Making the Most of Engagement Measures: A Management Cheat Sheet
By David Creelman
Engagement measures can be used to judge more than employee engagement. The questions that measure employee engagement are all simple indicators of good people management. Think of it as a king of management cheat sheet.
A New Look at the Engagement Questions
You can use any vendor’s engagement measures as a simple guideline for good people management; there are half a dozen good vendors that come to my mind. I will focus on Gallup’s Q12 because it is the most famous and is easy to find online (just Google “Gallup Q12”).
The Q12 is copyrighted so you cannot run a survey without using Gallup, but there is no reason your managers cannot read the questions and ponder how well they rate on them. So let’s start by reviewing the first question “Do you know what is expected of you at work?”
This is so basic that it is easy to overlook. Managers may think “Of course, my employees know what is expected of them” and, being terribly busy as all managers are, will be reluctant to spend time testing that belief. Yet, what seems obvious to a manager may not be obvious to their employees. Much of the frustration of both managers and employees comes from mismatched or unclear expectations. Your managers could do worse than to spend a few minutes talking to each of their direct reports about this first Q12 question.
The Importance of Time Frames
Some of the other Q12 questions deal with receiving praise, being given feedback about your progress and having opportunities to learn and grow. All your managers will recognize these as important components of people management.
What makes the Q12 interesting is that the questions relating to these factors contain time frames. For example, question four is “In the last seven days, have you received recognition or praise for doing good work?” This is much more helpful than having managers ask themselves “Do you praise employees?” Managers would be well-advised to honestly assess whether they have praised each of their employees in the past seven days and, if not, recognize it is a simple way to improve performance.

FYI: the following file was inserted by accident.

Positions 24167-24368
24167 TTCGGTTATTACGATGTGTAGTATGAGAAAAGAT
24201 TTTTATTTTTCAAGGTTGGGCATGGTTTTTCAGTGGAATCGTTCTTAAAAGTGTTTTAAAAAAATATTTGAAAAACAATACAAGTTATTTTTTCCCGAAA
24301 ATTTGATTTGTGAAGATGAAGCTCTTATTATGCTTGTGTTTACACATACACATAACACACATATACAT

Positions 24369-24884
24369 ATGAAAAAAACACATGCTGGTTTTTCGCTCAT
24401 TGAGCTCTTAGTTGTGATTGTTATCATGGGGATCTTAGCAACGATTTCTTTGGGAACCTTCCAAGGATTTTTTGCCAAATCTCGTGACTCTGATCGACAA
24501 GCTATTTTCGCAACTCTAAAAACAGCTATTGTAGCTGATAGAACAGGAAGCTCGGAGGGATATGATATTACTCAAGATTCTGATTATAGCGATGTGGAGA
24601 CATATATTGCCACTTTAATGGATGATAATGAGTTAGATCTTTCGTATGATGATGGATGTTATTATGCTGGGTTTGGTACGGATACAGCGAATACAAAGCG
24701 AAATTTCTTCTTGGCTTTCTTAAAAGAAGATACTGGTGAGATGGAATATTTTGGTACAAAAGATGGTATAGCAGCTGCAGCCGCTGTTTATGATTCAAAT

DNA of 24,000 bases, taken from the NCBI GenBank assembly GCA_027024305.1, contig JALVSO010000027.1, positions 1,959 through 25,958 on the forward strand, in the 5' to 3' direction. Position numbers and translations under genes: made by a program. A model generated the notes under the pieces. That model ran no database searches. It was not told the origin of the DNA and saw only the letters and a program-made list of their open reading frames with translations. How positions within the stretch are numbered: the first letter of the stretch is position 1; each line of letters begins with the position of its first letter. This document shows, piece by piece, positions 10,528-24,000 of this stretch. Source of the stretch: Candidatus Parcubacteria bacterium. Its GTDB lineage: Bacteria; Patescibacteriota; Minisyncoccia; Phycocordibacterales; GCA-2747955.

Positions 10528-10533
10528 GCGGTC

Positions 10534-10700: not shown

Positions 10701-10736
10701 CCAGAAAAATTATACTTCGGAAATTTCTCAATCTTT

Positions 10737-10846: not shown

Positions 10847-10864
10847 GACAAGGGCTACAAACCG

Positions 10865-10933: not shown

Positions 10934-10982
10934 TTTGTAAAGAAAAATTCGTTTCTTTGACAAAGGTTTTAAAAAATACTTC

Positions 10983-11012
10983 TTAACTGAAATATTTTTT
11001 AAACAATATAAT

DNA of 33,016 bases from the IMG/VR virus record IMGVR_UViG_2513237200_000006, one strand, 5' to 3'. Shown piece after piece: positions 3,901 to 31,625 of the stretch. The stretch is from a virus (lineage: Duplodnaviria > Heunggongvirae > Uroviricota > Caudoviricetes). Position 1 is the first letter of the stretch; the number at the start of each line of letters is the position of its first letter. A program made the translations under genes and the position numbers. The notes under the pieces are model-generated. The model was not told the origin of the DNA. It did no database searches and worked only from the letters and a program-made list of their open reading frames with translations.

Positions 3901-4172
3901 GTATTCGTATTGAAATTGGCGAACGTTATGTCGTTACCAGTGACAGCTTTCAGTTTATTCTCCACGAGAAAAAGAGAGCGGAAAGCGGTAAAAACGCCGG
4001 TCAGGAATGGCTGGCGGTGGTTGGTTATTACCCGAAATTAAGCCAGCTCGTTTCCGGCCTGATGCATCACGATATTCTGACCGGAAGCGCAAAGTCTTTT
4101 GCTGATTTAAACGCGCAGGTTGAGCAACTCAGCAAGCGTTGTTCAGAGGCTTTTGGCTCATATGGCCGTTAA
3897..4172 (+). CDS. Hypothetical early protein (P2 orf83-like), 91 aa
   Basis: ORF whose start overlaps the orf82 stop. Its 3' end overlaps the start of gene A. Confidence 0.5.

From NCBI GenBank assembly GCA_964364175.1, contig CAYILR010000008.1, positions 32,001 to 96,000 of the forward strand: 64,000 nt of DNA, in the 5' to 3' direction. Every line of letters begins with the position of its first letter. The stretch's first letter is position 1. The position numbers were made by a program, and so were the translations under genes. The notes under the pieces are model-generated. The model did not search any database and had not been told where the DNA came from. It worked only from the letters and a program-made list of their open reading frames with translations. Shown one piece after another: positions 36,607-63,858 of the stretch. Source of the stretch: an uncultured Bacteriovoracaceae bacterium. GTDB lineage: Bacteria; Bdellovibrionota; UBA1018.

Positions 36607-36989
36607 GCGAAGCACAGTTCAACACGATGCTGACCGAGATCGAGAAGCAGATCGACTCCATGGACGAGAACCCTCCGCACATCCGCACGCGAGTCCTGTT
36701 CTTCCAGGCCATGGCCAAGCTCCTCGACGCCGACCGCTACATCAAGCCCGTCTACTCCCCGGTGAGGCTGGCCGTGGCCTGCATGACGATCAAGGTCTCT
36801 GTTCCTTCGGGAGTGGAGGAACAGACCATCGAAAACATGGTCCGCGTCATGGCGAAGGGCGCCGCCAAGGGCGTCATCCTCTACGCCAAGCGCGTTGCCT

The seven-day time frame is not arbitrary. Gallup tested variations of the questions to see which ones were most closely correlated with high performance. It may be that, in a given setting, seven days may be too long or too short. That’s for your manager to decide, but it is a good starting point.
The Mystery of Best Friends
The one odd question in the Q12 is number 10 “Do you have a best friend at work?” Your managers may just want to skip over that question in their own self-assessment on the grounds that this is a factor beyond their control. However, more ambitious managers will take the question to heart and look hard at whether having a best friend is purely a matter of personal chemistry, or whether it does reflect something important about the work environment.
In fact, research on friendship shows that it does depend very much on situational factors (such as who is located nearby) not just personality factors. The best managers will ask their employees this question and, if the answer is “No,” then they will try to change the work environment so it is more conducive to friendships.
A Job Aid Instead of an HR Program
There are all kinds of things we do to improve managerial performance, the most important being training and development programs and the performance management process. These things all take time and money. Letting managers know that the Q12 is a fantastic job aid for people management is cheap and easy.
People management is an important aspect of being a manager (see Henry Mintzberg’s great book Managing for other important aspects.) Helping your managers become better people managers is one of the most important roles of HR. Take advantage of all the research that has gone into creating engagement measures by putting the questions to use as a simple job aid. Managers should print out the questions and pin it to their bulletin board as a cheat sheet on good people management.
David Creelman is CEO of Creelman Research, providing writing, research and speaking on human-capital management. He works with a variety of academics, think tanks, consultancies and HR vendors in Canada, the U.S., Japan, Europe and China. David can be reached at firstname.lastname@example.org.